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Y chromosome infertility


Y chromosome infertility is a condition that affects the production of sperm and causes male infertility, which means it is difficult or impossible for affected men to father children. An affected man's body may produce no mature sperm cells (azoospermia), fewer than the usual number of sperm cells (oligospermia), or sperm cells that are abnormally shaped or that do not move properly. Men with Y chromosome infertility do not have any other signs or symptoms related to the condition.

Some men with Y chromosome infertility who have mild to moderate oligospermia may eventually father a child naturally. Men with oligospermia may also be helped with assisted reproductive technologies; most men with Y chromosome infertility have some sperm cells in the testes that can be extracted for this purpose.


Y chromosome infertility occurs in approximately 1 in 2,000 to 1 in 3,000 males of all ethnic groups. This condition accounts for about 13 percent of cases of azoospermia and 5 percent of severe oligospermia.


As its name suggests, this form of infertility is caused by changes in the Y chromosome. People normally have 46 chromosomes in each cell. Two of the 46 chromosomes are sex chromosomes, called X and Y. Females have two X chromosomes (46,XX), and males have one X chromosome and one Y chromosome (46,XY).

Many genes on the Y chromosome are involved in male sex determination and development. In particular, genes in areas of the Y chromosome called azoospermia factor (AZF) regions provide instructions for making proteins that are involved in sperm cell production and development, although the specific functions of these proteins are not well understood.

Y chromosome infertility is caused by deletions of genes in the AZF regions. These deletions remove several genes, or in rare cases, a single gene. Loss of this genetic material likely prevents the production of one or more proteins needed for normal sperm cell development. As a result, either few sperm develop or sperm do not develop at all, leading to Y chromosome infertility.


Because Y chromosome infertility impedes the ability to father children, this condition is usually not inherited. Most cases of this condition result from new (de novo) deletions on the Y chromosome that occur during formation of sperm cells in an affected individual's father who is not himself infertile. These cases occur in men with no history of the disorder in their family.

When men with Y chromosome infertility do father children, either naturally or with the aid of assisted reproductive technologies, they pass the genetic changes on the Y chromosome to all their sons. As a result, the sons will also have Y chromosome infertility. This form of inheritance is called Y-linked. Daughters do not inherit the Y chromosome and are not affected.

Other Names for This Condition

  • Spermatogenic failure, Y-linked
  • Y chromosome-related azoospermia

Additional Information & Resources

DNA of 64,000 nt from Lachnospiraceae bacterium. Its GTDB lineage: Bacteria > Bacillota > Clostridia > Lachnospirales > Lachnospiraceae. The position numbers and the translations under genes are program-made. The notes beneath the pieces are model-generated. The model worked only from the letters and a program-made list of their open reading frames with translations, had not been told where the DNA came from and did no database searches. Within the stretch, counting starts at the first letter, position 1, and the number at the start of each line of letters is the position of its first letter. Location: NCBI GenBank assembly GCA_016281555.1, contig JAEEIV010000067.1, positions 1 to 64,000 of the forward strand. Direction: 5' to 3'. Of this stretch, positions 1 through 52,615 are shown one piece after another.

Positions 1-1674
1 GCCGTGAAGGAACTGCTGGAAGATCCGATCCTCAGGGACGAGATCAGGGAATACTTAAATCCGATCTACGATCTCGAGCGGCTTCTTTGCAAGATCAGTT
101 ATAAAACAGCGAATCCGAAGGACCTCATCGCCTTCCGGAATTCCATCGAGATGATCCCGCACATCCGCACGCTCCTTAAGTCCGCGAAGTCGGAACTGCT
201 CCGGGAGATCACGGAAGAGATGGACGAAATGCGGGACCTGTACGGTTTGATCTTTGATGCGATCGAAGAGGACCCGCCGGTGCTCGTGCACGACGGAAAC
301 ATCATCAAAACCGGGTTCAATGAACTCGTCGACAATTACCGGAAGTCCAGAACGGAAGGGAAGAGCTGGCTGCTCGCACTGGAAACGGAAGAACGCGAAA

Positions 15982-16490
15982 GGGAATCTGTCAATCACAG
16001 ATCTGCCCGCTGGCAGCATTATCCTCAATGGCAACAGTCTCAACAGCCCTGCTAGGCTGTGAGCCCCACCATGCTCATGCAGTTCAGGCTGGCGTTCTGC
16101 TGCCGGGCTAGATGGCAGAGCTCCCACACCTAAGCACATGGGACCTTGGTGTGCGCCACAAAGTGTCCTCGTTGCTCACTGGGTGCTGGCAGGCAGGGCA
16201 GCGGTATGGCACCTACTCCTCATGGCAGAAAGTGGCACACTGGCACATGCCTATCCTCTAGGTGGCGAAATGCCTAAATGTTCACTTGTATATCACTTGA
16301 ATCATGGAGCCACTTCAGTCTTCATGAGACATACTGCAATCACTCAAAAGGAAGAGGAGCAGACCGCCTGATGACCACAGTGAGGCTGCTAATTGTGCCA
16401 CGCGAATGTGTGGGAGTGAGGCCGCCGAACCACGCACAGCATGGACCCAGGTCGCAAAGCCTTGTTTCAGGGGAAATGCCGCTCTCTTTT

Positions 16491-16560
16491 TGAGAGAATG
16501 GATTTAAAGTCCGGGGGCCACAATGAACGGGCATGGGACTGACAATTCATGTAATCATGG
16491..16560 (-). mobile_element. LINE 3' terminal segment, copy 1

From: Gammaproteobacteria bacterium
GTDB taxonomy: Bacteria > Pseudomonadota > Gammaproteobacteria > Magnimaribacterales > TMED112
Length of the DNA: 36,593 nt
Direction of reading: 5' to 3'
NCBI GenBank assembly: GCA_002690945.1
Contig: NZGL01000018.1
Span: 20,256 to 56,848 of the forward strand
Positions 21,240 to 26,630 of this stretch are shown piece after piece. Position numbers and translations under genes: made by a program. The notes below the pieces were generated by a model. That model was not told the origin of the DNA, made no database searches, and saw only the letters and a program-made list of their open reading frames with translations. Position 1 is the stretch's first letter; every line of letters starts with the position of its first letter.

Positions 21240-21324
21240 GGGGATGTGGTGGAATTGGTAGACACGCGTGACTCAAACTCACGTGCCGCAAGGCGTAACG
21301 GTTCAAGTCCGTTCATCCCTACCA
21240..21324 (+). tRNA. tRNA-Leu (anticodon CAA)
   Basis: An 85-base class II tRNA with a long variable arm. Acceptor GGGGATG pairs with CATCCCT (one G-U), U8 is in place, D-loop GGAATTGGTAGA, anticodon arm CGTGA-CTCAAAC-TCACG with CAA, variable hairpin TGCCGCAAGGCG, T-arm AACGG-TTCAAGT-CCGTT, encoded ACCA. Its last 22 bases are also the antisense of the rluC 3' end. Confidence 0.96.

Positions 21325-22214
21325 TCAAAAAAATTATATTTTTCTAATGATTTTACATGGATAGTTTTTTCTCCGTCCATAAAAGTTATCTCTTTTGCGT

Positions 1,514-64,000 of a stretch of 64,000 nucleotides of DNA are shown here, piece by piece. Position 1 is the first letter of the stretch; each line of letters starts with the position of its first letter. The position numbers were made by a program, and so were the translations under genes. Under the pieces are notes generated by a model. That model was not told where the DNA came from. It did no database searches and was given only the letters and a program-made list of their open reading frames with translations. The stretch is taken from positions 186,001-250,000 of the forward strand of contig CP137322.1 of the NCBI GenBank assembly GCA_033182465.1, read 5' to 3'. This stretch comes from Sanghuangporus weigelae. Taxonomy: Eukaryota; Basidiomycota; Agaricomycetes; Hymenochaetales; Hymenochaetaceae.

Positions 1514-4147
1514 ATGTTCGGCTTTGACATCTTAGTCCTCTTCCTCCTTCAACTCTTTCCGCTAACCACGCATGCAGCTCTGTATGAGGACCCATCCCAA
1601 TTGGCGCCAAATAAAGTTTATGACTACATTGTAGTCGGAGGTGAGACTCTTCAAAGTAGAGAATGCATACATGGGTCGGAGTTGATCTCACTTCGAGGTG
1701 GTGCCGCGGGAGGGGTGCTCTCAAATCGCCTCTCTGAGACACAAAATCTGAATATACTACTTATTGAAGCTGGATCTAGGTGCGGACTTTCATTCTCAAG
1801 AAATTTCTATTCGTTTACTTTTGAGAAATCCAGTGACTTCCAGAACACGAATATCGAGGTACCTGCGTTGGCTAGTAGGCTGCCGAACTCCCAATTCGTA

Genetic and Rare Diseases Information Center

Patient Support and Advocacy Resources

Clinical Trials

Scientific Articles on PubMed


  • Esteves SC, Agarwal A. Novel concepts in male infertility. Int Braz J Urol. 2011 Jan-Feb;37(1):5-15. doi: 10.1590/s1677-55382011000100002. Citation on PubMed
  • Fan Y, Silber SJ. Y Chromosome Infertility. 2002 Oct 31 [updated 2019 Aug 1]. In: Adam MP, Feldman J, Mirzaa GM, Pagon RA, Wallace SE, Bean LJH, Gripp KW, Amemiya A, editors. GeneReviews(R) [Internet]. Seattle (WA): University of Washington, Seattle; 1993-2024. Available from Citation on PubMed
  • Gallego A, Rogel R, Lujan S, Plaza B, Delgado F, Boronat F. AZF gene microdeletions: case series and literature review. Actas Urol Esp. 2014 Dec;38(10):698-702. doi: 10.1016/j.acuro.2014.04.003. Epub 2014 Jun 19. English, Spanish. Citation on PubMed
  • Goncalves C, Cunha M, Rocha E, Fernandes S, Silva J, Ferraz L, Oliveira C, Barros A, Sousa M. Y-chromosome microdeletions in nonobstructive azoospermia and severe oligozoospermia. Asian J Androl. 2017 May-Jun;19(3):338-345. doi: 10.4103/1008-682X.172827. Citation on PubMed or Free article on PubMed Central
  • Krausz C, Casamonti E. Spermatogenic failure and the Y chromosome. Hum Genet. 2017 May;136(5):637-655. doi: 10.1007/s00439-017-1793-8. Epub 2017 Apr 29. Citation on PubMed
  • Liu XG, Hu HY, Guo YH, Sun YP. Correlation between Y chromosome microdeletion and male infertility. Genet Mol Res. 2016 Jun 3;15(2). doi: 10.4238/gmr.15028426. Citation on PubMed
  • Mau Kai C, Juul A, McElreavey K, Ottesen AM, Garn ID, Main KM, Loft A, Jorgensen N, Skakkebaek NE, Andersen AN, Rajpert-De Meyts E. Sons conceived by assisted reproduction techniques inherit deletions in the azoospermia factor (AZF) region of the Y chromosome and the DAZ gene copy number. Hum Reprod. 2008 Jul;23(7):1669-78. doi: 10.1093/humrep/den124. Epub 2008 Apr 25. Citation on PubMed
  • Pan Y, Zhang HG, Xi QI, Zhang H, Wang RX, Li LL, Liu RZ. Molecular microdeletion analysis of infertile men with karyotypic Y chromosome abnormalities. J Int Med Res. 2018 Jan;46(1):307-315. doi: 10.1177/0300060517719394. Epub 2017 Aug 23. Citation on PubMed or Free article on PubMed Central
  • Silber SJ. The Y chromosome in the era of intracytoplasmic sperm injection: a personal review. Fertil Steril. 2011 Jun 30;95(8):2439-48.e1-5. doi: 10.1016/j.fertnstert.2011.05.070. Citation on PubMed

The information on this site should not be used as a substitute for professional medical care or advice. Contact a health care provider if you have questions about your health.